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Haitian occupation of Santo Domingo: Wikis

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Departamento del Ozama y del Cibao
Départements de l'Ozama et du Cibao
Haitian departments

1822–1844

Flag

Capital Santo Domingo
Language(s) Spanish, French
Government Republic
President
 - 1822-1843 Jean-Pierre Boyer
 - 1843-1844 Charles Riviere-Hérard
Governor
 - 1822-1843 Gen. Borgella
 - 1843-1844 Gen. Carrié
History
 - Haitian occupation February 9, 1822
 - Independence February 27, 1844
Area 48,442 km2 (18,704 sq mi)
Currency Haitian Gourde

The twenty-two-year Haitian occupation of Santo Domingo that followed a brief period of independence is recalled by Dominicans as a period of brutal military rule, though the reality is more complex. It led to large-scale land expropriations and failed efforts to force production of export crops, impose military services, restrict the use of the Spanish language, and eliminate traditional customs such as cockfighting. It reinforced Dominicans' perceptions of themselves as different from Haitians in "language, race, religion and domestic customs."[1] Yet, this was also a period that definitively ended slavery as an institution in the eastern part of the island.

Haiti's constitution forbade whites from owning land, and the major landowning families were forcibly deprived of their properties. Most emigrated to Cuba, Puerto Rico or Gran Colombia, usually with the encouragement of Haitian officials, who acquired their lands. The Haitians, who associated the Roman Catholic Church with the French slave-masters who had exploited them before independence, confiscated all church property, deported all foreign clergy, and severed the ties of the remaining clergy to the Vatican. Santo Domingo’s university, the oldest in the Western Hemisphere, lacking both students and teachers, closed down.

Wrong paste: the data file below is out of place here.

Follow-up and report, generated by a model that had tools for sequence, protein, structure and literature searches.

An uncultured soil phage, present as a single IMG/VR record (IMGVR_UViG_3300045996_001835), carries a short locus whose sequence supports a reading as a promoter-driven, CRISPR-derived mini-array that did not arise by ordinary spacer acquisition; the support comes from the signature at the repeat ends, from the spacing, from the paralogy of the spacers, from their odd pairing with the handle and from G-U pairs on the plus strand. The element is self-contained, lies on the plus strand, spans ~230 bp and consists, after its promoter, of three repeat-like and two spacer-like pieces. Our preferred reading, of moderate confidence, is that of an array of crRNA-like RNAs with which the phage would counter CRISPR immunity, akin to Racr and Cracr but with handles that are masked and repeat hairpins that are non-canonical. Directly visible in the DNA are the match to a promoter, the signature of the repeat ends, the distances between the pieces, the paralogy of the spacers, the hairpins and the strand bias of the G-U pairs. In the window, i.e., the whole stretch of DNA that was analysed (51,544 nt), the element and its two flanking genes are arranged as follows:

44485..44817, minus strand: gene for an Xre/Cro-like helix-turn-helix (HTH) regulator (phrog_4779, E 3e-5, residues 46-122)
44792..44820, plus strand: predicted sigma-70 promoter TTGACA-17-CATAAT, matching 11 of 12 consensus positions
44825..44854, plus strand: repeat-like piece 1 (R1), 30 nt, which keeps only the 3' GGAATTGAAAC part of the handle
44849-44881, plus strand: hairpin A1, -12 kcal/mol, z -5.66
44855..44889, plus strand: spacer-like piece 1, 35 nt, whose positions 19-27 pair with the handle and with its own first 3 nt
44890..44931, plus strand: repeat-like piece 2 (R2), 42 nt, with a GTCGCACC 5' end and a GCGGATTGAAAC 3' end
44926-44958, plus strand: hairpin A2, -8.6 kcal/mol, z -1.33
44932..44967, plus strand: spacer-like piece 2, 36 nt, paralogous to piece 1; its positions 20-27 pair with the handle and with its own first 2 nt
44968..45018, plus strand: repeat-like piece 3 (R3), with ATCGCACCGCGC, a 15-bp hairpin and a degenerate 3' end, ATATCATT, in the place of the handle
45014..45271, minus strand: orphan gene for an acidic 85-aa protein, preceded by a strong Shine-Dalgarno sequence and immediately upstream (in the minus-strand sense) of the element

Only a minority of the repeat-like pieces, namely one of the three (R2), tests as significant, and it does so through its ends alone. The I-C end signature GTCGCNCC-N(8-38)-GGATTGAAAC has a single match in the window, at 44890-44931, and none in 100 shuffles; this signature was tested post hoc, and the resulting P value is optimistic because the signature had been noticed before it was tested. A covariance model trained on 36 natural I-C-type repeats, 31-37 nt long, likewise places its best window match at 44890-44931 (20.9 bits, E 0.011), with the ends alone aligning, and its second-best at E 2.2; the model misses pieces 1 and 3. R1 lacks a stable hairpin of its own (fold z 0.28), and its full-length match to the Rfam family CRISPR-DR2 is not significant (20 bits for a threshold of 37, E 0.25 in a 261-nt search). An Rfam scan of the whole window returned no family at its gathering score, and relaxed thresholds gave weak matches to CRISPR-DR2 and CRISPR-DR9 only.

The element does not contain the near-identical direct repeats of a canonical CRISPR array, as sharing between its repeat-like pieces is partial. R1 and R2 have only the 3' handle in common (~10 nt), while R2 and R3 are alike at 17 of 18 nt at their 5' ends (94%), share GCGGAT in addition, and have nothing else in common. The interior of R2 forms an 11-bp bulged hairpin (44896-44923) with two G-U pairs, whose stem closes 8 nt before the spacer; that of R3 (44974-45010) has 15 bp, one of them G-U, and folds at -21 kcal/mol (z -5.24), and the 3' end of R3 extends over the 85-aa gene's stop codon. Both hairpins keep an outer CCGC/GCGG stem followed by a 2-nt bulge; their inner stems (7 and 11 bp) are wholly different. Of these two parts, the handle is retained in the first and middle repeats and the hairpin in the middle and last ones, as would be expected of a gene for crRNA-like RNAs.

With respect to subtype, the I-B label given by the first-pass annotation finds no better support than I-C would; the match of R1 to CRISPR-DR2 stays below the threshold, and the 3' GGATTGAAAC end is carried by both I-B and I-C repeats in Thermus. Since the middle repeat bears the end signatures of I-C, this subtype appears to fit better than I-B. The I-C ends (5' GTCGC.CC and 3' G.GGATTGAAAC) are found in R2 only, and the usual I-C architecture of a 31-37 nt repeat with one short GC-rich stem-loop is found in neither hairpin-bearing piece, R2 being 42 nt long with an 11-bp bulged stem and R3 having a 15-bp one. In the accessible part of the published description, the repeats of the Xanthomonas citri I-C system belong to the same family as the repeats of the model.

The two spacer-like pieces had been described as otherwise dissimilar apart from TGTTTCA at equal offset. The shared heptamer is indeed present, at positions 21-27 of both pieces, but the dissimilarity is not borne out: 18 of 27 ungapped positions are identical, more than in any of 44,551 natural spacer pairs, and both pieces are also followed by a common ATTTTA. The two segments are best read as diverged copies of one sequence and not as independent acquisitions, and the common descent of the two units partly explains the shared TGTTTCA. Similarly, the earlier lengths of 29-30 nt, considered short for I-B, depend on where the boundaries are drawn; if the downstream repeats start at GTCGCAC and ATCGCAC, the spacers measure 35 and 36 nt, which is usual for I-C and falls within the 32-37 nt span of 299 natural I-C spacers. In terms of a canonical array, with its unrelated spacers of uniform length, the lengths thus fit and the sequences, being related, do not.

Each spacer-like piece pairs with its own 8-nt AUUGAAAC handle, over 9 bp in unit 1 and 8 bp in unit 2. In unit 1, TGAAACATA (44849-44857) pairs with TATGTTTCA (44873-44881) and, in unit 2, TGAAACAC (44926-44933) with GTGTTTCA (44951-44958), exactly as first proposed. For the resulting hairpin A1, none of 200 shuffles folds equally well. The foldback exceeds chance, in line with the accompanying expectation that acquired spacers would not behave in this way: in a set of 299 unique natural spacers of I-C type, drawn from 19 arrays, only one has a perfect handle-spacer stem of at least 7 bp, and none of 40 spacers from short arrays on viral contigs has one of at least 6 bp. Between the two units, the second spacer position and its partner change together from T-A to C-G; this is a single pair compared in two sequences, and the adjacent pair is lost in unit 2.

In order to receive diplomatic recognition from France, Haiti was forced to pay an indemnity of 150 million francs to the former French colonists, which was subsequently lowered to 60 million francs, and Haiti imposed heavy taxes on the eastern part of the island. Since Haiti was unable to adequately provision its army, the occupying forces largely survived by commandeering or confiscating food and supplies at gunpoint. Attempts to redistribute land conflicted with the system of communal land tenure (terrenos comuneros), which had arisen with the ranching economy, and newly emancipated slaves resented being forced to grow cash crops under Boyer's Code Rural.[2] In rural areas, the Haitian administration was usually too inefficient to enforce its own laws. It was in the city of Santo Domingo that the effects of the occupation were most acutely felt, and it was there that the movement for independence originated.

In 1838 Juan Pablo Duarte, Ramón Matías Mella and Francisco del Rosario Sanchez founded a secret society called La Trinitaria to win independence from Haiti. In 1843 they allied with a Haitian movement in overthrowing Boyer. After they revealed themselves as revolutionaries working for Dominican independence, the new Haitian president, Charles Riviere-Hérard, exiled or imprisoned the leading Trinitarios. At the same time, Buenaventura Báez, an Azua mahogany exporter and deputy in the Haitian National Assembly, was negotiating with the French Consul-General for the establishment of a French protectorate. In an uprising timed to preempt Báez, on February 27, 1844, the Trinitarios declared independence from Haiti, backed by Pedro Santana, a wealthy cattle-rancher from El Seibo who commanded a private army of peons who worked on his estates.

See also

References

  1. ^ Moya Pons, Frank Between Slavery and Free Labor: The Spanish-speaking Caribbean in the 19th Century. Baltimore; Johns Hopkins University Press 1985
  2. ^ Terrenos comuneros arose because of “scarce population, low value of the land, the absence of officials qualified to survey the lands, and the difficulty of dividing up the ranch in such a way that each would receive a share of the grasslands, forests, streams, palm groves, and small agricultural plots that, only when combined, made possible the exploitation of the ranch.” (Hoetink, The Dominican People: Notes for a Historical Sociology transl. Stephen Ault Pg. 83 (Johns Hopkins Press: Baltimore, 1982)

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